Published in The History of Parliament: the House of Commons 1790-1820, ed. R. Thorne, 1986
Available from Boydell and Brewer

Background Information

Right of Election:

in the freemen

Number of voters:

about 200


(1801): 2,951


10 Jan. 1795 GEORGE HOWARD, Visct. Morpeth, vice Gregg, vacated his seat 
30 May 1796GEORGE HOWARD, Visct. Morpeth 
8 July 1802GEORGE HOWARD, Visct. Morpeth129
 Peter Delmé97
15 Feb. 1806 MORPETH re-elected after appointment to office 
3 Nov. 1806WILLIAM ORD 
11 May 1807WILLIAM ORD 
16 Oct. 1812WILLIAM ORD 
19 June 1818WILLIAM ORD 

Main Article

Until 1802 Frederick Howard, 5th Earl of Carlisle, returned two Members unchallenged for Morpeth. The party of independent freemen which had threatened Carlisle’s family interest earlier in the century was checked by a policy of careful management which combined charity payments to the poorer voters with a limitation on the size of the freeman electorate through control of the organs of local government.1 The borough was regarded as close by the Treasury before the elections of 1790 and 1796. William Ord, the most substantial local landowner, forced Carlisle’s nephew Delmé into third place in 1802, after spending lavishly in the borough on his coming of age earlier in the year and fighting a campaign which stressed his local connexions and expenditure, to the detriment of Carlisle’s non-resident control. It has been suggested that a dispute between the corporation and Carlisle as to the ownership of Morpeth High Common alienated several of the freemen from their patron, and although 14 of the 18 freemen elected at the court leet of 1802 declared their allegiance to Ord, it is clear that the bulk of Ord’s votes came from a similarly sized and constituted electorate as Carlisle earlier had been able to control.2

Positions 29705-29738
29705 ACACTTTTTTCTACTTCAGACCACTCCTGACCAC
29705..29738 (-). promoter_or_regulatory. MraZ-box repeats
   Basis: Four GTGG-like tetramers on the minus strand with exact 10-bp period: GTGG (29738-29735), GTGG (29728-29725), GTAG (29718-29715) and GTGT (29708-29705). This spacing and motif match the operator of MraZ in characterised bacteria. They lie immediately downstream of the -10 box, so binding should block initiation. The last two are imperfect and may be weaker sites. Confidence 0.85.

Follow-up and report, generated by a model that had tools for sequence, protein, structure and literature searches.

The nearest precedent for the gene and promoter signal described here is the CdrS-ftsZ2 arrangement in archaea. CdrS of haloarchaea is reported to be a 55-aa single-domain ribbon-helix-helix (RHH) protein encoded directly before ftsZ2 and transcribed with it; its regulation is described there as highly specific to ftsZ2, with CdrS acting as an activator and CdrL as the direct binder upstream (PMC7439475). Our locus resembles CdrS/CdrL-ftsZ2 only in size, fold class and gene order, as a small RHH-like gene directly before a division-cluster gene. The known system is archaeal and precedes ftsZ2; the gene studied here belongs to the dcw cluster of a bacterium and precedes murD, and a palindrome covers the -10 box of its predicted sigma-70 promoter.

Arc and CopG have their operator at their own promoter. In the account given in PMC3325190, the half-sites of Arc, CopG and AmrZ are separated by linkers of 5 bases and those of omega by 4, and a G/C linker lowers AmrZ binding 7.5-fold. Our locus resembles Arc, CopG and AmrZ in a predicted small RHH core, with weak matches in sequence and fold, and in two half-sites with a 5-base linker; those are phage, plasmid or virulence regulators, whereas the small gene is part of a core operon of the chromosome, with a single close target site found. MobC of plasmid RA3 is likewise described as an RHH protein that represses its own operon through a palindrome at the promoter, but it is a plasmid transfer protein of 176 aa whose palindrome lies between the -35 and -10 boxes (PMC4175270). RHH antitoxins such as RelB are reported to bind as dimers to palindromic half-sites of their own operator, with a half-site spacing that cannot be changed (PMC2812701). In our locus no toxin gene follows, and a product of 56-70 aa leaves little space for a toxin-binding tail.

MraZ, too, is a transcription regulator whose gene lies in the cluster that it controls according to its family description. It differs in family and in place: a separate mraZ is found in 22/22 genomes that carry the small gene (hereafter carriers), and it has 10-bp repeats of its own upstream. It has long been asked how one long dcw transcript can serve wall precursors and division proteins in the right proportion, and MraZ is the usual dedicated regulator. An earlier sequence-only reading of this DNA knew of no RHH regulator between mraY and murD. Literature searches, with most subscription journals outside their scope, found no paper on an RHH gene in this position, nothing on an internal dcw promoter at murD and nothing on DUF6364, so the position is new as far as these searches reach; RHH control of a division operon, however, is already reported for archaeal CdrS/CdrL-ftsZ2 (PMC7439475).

Ord had hoped for a compromise rather than a contest in 1802 and his hopes were subsequently fulfilled by the mediation of a mutual friend Charles Grey*. Carlisle’s son Viscount Morpeth and Ord secretly agreed ‘that each should assist the other to the exclusion of any third’. It appears that ‘some points remained to be settled’, but in 1806, when Morpeth stood for Cumberland and Carlisle substituted his second son William, he secured Ord’s cooperation, with the assistance of Howick and Francis Gregg. The candidates agreed to canvass separately, ‘as a joint canvass might be very prejudicial’. Ord claimed that he had to dissuade his supporters from seeking a second candidate to oppose William Howard:

The agreement between Lord Morpeth and myself is one rather of mutual forbearance than of mutual assistance, it being utterly impossible that the persons who supported me at the last election should ever become supporters of Lord Carlisle’s interest if I were ever so much inclined to make them so.

He relied rather on his friends’ willingness to spare him ‘the expense and trouble of a contest’.3 Nevertheless in 1807 Col. George Symes of Chirton Lodge addressed the borough as a champion of their ‘independent rights and local interest’. His candidature was directed against Howard and he expected Ord’s assistance. Disappointed of it, he withdrew without going to a poll. Morpeth was relieved, as he believed his family’s ‘unpopularity’ was ‘very great’. Ord doubted if Symes could have got ‘above 30 votes’ had he persevered.4

No further opposition arose to the junta of Howard and Ord. They allegedly spent at least £1,000 a year in buying each freeman a field, and in 1833 complaints were still being made that the creation of freemen was restricted for political purposes.5

Authors: J. M. Collinge / R. G. Thorne


  • 1. J. M. Fewster, ‘The Pols. and Admin. of the Borough of Morpeth in the later 18th Cent.’ (Durham Univ. Ph.D. thesis, 1960), ch. xvii.
  • 2. Newcastle Chron. 9 Jan.; Fewster, 541-2; Newcastle Chron. 1 May 1802.
  • 3. The Times, 12 Apr.; Lansdowne mss, Ord to Petty, 3 Mar., Smyth to same, 17 June 1802; Grey mss, Ord to Howick, 14 Oct., Carlisle to same, 18 Oct.; Carlisle mss, Howick to Carlisle, 21 Oct.; Gregg to Ord (copy), 22 Oct., reply 23 Oct. 1806.
  • 4. Newcastle Chron. 9 May; Tyne Mercury, 12 May; Carlisle mss, Lady to Ld. Morpeth, Thurs. [7 May], reply Tues. [12 May 1807].
  • 5. J. C. Hodgson, ‘Customs of Court Leet and Court Baron of Morpeth’, Arch. Aeliana (n.s.), xvi. (1894), 54; PP 1835 (116), xxv. 1627.